But if you put all of your free cash flow toward debts, you may be unprepared for surprises—and having a cushion of cash could be valuable in a recession. That said, once your cash-flow situation is secure, Johnson favors prioritizing high-interest-rate debt payoff.

Focus Your Investments for the Long Term

Should you change your investment strategy to sidestep potential losses related to a recession?

“The short answer to this is no—assuming you have a sound investment strategy that is designed for the long term,” Roberge said,

Trying to time the market by selecting recession-friendly investments may be frustrating and risky. You might be better off with a long-term strategy designed for all types of conditions—including recessions. When you use that approach, you don’t need to take action in anticipation of recessions because your plan already accounts for the fact that recessions (and other events) inevitably happen periodically.

Johnson said recessions actually may be beneficial if you’re in your accumulation years. If stock prices fall, systematic contributions to a 401(k) and other retirement accounts can buy more shares each month via dollar-cost averaging. Still, recessions can cause suffering for many, so this isn’t something to root for.

The situation could be different if you’re getting ready to retire. In that case, it may make sense to revisit your risk level because significant losses near the beginning of your retirement years can be problematic. If you’ve been dragging your feet on reducing risk, it could make sense to shift some money from stocks to lower-risk investments like bonds if you expect a bumpy economic road ahead.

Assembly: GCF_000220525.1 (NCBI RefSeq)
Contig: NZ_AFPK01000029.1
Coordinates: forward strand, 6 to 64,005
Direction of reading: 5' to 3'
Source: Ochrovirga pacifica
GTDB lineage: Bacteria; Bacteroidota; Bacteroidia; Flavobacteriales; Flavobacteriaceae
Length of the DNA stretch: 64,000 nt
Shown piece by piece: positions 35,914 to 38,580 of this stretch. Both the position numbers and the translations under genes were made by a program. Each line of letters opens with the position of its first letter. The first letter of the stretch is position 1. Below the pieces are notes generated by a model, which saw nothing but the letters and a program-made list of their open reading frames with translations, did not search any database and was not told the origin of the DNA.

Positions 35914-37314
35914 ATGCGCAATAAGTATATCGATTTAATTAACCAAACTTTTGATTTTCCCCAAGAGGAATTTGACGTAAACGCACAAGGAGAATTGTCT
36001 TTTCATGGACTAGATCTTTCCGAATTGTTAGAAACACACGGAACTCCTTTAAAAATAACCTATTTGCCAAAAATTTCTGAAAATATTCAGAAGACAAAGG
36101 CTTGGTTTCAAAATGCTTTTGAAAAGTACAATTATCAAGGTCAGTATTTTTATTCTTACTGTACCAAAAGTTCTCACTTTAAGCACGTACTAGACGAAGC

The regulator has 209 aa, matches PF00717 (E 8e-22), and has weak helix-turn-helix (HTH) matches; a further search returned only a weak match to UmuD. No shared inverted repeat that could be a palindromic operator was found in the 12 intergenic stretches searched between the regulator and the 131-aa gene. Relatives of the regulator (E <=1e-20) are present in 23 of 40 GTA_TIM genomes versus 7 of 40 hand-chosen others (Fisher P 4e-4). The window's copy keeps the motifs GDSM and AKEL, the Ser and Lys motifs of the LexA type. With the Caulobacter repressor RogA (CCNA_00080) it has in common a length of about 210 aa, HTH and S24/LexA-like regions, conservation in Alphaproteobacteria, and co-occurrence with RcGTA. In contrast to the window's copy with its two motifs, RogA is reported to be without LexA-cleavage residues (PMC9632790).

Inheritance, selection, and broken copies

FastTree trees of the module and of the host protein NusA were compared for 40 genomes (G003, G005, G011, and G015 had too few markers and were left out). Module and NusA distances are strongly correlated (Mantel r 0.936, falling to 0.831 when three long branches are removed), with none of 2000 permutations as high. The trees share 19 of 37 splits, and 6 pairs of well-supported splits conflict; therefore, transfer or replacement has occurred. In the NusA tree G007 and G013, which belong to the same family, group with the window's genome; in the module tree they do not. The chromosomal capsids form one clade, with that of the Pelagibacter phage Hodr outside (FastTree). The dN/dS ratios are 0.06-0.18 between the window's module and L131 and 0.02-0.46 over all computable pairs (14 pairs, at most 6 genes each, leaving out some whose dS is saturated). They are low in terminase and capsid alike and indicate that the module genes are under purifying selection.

What You Shouldn’t Do During a Recession

With a solid emergency fund and an all-weather investment portfolio in place, you might not need to make changes if a recession materializes. That’s the beauty of having your finances in order before you experience hard times: You can focus on more important things in life and support loved ones.

Still, that’s easier said than done if you’re barely getting by during normal times. So don’t be too hard on yourself if you’re still working on your emergency fund.

Abandon Disciplined Investing

When it comes to your investments, be wary of making emotional decisions if the markets get ugly. If you sell every time there's a market downturn, you end up buying high and selling low.

“Know that market volatility, corrections, and downturns are all normal market behaviors, and they're nothing to react to. In fact, reacting and trying to fiddle with your investments is exactly where average investors get into trouble,” Roberge said.


Although it may be tempting to stop investing, continuing to invest during a recession could be a smart move. If markets eventually move higher, buying during hard times can add to your long-term returns.

Take on Big Expenses

When you risk losing a job or face other economic challenges, it may make sense to keep your expenses as low as possible. Adding significant monthly obligations like a hefty car payment may make things difficult if a recession affects your finances.

Frequently Asked Questions (FAQs)

How do you prepare for a recession if you’re retired?

Verify that you’re taking an appropriate amount of risk in your portfolio. If you own more stock than you’re comfortable with, it may make sense to reduce your exposure to stocks by shifting some of your money to bonds and cash. Speak with a financial planner to get specific recommendations and run “what if” scenarios.

When was the last recession?

The U.S. economy officially entered a two-month recession in February 2020 after more than 10 years of economic expansion.

What causes a recession?

Economic slowdowns can happen for various reasons. Some of the most common causes include bubbles that eventually burst, unsustainable inflation, and shocks that disrupt normal economic conditions. As just one example of such a shock, the most recent recession was associated with widespread temporary shutdowns aimed at slowing the spread of COVID-19.

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  1. National Bureau of Economic Research. "Business Cycle Dating."

  2. National Bureau of Economic Research. "US Business Cycle Expansions and Contractions."